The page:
Measurement of quality of care and quality of life at the end of life

Virginia P. Tilden, Susan Tolle, Linda Drach, Susan Hickman

Research output: Contribution to journalArticlepeer-review

30 Scopus citations


Purpose: Consumers and providers demand better indicators for quality of care and quality of life at the end of life. This article presents recommendations for advancing the science of measurement at end of life. Design and Methods: The authors reviewed the extant literature and applied the Institute of Medicine’s conceptual framework for national health care quality to end-of-life care and research. Results: Ten recommendations were developed, charting a course for research that will improve the quality of care delivered and, consequently, the quality of life experienced at life’s end. Implications: Measurement bridges the conceptual and operational levels of scientific research, clinical care, and quality improvement. Although a large amount of psychometric groundwork has been laid in the field of end-of-life research, the next wave of studies will ideally take measurement at end of life to a higher level of rigor and precision.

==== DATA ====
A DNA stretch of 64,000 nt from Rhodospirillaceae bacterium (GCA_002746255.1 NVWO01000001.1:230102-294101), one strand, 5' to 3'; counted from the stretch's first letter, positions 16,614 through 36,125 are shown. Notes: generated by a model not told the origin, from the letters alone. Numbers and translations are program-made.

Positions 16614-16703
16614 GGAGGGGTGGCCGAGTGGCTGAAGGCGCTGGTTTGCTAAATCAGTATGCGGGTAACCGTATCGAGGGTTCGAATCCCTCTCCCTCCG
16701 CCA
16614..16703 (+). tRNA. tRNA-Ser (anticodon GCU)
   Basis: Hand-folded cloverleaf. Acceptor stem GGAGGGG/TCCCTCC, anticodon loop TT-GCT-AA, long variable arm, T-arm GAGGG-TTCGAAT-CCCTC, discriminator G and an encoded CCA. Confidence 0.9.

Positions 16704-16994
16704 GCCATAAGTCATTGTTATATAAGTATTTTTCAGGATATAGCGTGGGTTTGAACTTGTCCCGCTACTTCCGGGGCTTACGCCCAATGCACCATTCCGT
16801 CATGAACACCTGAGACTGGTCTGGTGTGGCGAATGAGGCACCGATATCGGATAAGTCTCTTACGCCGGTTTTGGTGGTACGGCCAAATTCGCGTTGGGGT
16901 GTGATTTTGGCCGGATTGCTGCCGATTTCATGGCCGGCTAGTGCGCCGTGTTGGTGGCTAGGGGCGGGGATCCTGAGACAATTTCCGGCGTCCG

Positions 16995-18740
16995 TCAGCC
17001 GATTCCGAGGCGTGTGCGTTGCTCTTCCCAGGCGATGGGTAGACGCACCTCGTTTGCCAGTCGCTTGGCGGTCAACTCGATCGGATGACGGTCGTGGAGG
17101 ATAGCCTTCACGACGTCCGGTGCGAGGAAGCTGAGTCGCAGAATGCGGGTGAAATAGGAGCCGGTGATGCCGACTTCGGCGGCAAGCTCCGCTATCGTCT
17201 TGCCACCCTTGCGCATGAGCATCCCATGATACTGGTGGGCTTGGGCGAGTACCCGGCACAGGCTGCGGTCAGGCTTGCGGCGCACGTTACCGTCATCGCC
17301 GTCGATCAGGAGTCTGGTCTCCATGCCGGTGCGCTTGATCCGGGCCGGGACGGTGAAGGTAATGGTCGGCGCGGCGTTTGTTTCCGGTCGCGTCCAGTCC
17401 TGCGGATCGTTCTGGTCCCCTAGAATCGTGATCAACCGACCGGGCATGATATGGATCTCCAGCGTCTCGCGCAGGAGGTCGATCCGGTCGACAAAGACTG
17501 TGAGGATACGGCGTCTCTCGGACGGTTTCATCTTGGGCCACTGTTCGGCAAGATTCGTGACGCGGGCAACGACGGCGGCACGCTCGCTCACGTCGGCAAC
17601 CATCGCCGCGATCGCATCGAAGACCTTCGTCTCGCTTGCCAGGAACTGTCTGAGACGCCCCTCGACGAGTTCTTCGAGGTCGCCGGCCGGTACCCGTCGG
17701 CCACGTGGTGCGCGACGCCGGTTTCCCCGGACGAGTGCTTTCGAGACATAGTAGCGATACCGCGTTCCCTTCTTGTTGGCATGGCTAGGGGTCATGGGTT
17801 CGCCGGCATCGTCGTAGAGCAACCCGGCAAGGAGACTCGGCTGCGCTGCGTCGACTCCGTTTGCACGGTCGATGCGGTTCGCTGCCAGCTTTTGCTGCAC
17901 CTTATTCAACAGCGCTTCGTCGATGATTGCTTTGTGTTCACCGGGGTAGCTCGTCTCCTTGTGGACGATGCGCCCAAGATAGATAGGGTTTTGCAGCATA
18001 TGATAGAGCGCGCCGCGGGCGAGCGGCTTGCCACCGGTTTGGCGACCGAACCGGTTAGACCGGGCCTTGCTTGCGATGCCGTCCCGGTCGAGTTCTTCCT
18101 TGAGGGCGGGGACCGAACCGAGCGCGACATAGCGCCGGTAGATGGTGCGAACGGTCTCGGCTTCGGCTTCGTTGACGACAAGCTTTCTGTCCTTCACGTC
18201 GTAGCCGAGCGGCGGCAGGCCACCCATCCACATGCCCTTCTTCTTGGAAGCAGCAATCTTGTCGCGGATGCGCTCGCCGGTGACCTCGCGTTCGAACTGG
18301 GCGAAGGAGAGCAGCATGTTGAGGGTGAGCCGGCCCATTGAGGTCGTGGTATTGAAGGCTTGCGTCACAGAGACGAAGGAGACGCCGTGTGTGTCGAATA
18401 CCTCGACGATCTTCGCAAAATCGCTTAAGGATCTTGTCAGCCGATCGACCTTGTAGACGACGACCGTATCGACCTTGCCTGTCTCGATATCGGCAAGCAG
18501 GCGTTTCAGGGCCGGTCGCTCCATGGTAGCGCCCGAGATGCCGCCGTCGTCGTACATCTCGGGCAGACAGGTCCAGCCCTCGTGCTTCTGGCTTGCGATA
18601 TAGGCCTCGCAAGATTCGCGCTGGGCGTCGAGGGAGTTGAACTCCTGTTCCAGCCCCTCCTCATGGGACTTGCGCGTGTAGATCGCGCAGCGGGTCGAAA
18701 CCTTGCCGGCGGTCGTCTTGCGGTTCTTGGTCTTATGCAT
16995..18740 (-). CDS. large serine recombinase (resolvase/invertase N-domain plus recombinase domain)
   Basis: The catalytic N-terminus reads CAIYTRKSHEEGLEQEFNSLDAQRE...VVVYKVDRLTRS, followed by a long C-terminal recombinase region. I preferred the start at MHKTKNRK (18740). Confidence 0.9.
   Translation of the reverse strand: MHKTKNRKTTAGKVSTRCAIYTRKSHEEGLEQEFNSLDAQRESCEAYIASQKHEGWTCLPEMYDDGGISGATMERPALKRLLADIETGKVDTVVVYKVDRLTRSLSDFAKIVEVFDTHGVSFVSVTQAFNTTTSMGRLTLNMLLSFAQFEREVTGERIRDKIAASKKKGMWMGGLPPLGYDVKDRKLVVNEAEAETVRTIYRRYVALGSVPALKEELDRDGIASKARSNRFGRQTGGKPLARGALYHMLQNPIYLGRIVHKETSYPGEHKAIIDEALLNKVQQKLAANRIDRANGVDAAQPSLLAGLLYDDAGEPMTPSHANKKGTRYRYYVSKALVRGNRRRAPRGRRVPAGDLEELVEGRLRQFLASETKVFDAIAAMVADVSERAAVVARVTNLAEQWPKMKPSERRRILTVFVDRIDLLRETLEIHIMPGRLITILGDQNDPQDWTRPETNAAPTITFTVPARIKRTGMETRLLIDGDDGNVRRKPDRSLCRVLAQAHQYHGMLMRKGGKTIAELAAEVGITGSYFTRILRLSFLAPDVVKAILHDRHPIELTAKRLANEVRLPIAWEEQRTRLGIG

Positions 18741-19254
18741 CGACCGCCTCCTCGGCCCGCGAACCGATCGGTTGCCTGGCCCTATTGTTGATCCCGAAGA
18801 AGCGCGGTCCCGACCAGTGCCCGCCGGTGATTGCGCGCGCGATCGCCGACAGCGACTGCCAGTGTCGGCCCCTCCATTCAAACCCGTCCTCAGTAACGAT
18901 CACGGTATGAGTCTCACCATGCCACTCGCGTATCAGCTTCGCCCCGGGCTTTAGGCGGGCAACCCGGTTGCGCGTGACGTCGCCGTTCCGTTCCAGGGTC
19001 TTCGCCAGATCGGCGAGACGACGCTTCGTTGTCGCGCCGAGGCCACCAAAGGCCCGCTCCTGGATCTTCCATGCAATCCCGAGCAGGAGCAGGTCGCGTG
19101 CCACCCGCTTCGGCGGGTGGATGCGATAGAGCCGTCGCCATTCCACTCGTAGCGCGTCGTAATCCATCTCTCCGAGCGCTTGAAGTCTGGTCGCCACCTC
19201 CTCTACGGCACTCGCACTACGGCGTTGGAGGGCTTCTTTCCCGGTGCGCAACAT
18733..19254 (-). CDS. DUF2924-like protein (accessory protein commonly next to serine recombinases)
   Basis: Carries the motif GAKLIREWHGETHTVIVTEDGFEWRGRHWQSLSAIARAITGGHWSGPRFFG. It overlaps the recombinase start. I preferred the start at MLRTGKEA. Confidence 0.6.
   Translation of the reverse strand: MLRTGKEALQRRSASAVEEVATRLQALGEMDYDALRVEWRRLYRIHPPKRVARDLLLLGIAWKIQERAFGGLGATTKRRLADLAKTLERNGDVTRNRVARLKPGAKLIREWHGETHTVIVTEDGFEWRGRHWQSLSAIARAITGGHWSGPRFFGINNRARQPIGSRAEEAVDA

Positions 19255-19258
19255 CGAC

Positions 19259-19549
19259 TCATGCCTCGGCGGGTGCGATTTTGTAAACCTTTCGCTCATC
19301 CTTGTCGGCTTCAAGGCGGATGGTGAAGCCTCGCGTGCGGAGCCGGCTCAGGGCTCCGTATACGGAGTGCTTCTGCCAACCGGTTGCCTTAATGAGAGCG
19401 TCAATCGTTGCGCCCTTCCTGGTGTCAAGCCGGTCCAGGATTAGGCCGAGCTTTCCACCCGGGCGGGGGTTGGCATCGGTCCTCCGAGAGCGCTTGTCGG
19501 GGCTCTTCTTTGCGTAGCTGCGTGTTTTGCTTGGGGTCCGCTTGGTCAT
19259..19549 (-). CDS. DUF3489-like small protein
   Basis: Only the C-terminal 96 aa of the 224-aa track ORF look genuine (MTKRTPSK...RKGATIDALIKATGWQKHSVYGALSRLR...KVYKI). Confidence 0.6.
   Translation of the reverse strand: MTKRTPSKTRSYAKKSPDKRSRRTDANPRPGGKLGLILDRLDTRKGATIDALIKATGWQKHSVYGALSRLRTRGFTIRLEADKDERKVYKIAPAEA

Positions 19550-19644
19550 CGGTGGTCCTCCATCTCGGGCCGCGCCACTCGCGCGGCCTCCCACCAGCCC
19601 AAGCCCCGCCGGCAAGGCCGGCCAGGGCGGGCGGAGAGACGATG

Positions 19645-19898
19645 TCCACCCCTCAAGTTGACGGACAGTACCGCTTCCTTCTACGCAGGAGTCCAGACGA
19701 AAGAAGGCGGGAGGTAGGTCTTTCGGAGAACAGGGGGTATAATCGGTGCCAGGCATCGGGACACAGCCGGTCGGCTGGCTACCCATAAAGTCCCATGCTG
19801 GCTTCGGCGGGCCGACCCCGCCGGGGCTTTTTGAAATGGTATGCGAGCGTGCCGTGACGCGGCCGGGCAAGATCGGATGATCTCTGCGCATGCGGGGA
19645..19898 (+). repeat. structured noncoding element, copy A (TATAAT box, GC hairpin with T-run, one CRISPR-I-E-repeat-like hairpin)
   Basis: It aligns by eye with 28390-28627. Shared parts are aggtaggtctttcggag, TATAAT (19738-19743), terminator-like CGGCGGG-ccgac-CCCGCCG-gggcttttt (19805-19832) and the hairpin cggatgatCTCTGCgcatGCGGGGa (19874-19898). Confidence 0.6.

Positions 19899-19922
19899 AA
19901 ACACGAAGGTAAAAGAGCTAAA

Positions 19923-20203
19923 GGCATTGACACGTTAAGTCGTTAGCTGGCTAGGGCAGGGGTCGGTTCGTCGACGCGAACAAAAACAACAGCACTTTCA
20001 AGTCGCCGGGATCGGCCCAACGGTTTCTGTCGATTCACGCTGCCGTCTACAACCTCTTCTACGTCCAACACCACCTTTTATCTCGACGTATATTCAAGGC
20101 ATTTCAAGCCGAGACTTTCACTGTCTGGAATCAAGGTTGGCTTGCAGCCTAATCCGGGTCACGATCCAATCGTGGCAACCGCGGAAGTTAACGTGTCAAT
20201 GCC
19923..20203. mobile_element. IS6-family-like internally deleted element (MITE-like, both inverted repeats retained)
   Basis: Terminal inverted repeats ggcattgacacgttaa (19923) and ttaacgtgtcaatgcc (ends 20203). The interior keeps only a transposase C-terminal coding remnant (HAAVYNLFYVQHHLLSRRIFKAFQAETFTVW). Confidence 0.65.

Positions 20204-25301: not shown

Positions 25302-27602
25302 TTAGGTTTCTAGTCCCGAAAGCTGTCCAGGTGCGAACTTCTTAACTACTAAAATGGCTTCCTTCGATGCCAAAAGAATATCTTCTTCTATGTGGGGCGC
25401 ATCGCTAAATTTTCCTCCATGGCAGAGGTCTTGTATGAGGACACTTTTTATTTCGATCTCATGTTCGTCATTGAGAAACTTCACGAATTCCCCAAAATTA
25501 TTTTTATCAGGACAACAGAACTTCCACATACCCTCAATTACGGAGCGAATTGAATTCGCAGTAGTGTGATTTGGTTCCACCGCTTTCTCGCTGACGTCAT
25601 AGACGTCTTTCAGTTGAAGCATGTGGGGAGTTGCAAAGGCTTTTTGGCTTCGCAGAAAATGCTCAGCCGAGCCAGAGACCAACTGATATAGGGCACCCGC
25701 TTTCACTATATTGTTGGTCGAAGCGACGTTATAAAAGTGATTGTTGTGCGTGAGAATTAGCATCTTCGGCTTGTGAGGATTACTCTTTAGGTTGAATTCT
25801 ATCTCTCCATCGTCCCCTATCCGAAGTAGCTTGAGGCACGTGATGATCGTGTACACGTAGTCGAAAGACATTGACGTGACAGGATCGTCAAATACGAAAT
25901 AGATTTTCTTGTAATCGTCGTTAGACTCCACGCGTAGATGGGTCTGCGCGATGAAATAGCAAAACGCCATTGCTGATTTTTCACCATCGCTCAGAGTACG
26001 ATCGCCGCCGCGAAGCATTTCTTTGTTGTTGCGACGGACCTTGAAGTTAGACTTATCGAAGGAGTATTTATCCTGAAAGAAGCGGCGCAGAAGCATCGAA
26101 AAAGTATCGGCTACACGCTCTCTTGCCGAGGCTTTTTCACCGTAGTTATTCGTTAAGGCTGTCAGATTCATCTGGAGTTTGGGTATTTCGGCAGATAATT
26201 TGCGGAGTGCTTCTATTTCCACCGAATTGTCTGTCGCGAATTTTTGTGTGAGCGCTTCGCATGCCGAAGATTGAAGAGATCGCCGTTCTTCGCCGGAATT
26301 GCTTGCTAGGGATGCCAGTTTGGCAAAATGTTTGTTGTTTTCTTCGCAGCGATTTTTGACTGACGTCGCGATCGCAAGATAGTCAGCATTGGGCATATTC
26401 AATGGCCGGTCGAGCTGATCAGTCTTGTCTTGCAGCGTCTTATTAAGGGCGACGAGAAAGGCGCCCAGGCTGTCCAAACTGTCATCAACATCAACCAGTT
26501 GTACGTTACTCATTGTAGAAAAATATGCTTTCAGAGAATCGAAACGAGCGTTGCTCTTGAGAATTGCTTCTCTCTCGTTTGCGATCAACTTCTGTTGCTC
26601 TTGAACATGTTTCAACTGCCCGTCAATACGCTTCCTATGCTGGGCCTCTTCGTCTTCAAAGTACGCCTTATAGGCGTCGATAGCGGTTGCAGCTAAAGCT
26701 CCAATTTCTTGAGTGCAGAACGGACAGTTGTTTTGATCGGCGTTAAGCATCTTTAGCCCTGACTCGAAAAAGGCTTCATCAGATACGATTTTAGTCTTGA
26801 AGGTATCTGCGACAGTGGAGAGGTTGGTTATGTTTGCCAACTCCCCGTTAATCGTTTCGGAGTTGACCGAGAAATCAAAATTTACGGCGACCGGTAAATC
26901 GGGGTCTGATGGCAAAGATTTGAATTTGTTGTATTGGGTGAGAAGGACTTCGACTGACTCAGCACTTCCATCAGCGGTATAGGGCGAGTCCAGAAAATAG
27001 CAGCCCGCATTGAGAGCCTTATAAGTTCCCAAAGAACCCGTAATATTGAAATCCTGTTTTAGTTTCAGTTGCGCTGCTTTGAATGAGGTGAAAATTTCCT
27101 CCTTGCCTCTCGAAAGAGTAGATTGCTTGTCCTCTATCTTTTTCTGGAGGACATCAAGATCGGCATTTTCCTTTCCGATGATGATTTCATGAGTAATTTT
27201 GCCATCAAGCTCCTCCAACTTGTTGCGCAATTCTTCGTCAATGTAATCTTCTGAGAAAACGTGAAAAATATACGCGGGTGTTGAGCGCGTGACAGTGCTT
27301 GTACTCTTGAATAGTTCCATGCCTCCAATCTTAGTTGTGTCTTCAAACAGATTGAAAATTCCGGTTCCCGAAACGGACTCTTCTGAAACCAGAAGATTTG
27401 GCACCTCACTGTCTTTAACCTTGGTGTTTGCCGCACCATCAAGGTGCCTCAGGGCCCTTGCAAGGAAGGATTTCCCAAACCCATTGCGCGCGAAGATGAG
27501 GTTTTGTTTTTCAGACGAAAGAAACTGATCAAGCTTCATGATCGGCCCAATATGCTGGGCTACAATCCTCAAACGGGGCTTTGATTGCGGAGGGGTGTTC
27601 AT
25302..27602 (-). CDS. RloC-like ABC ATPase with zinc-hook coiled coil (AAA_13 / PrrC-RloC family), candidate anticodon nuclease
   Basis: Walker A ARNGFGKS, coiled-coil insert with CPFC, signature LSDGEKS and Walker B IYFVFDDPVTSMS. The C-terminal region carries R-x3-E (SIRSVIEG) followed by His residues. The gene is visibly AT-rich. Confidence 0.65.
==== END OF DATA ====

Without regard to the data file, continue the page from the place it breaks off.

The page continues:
Original languageEnglish (US)
Pages (from-to)71-80
Number of pages10
StatePublished - Oct 2002


  • End of life
  • Measurement
  • Quality improvement
  • Recommendations

ASJC Scopus subject areas

  • Gerontology
  • Geriatrics and Gerontology


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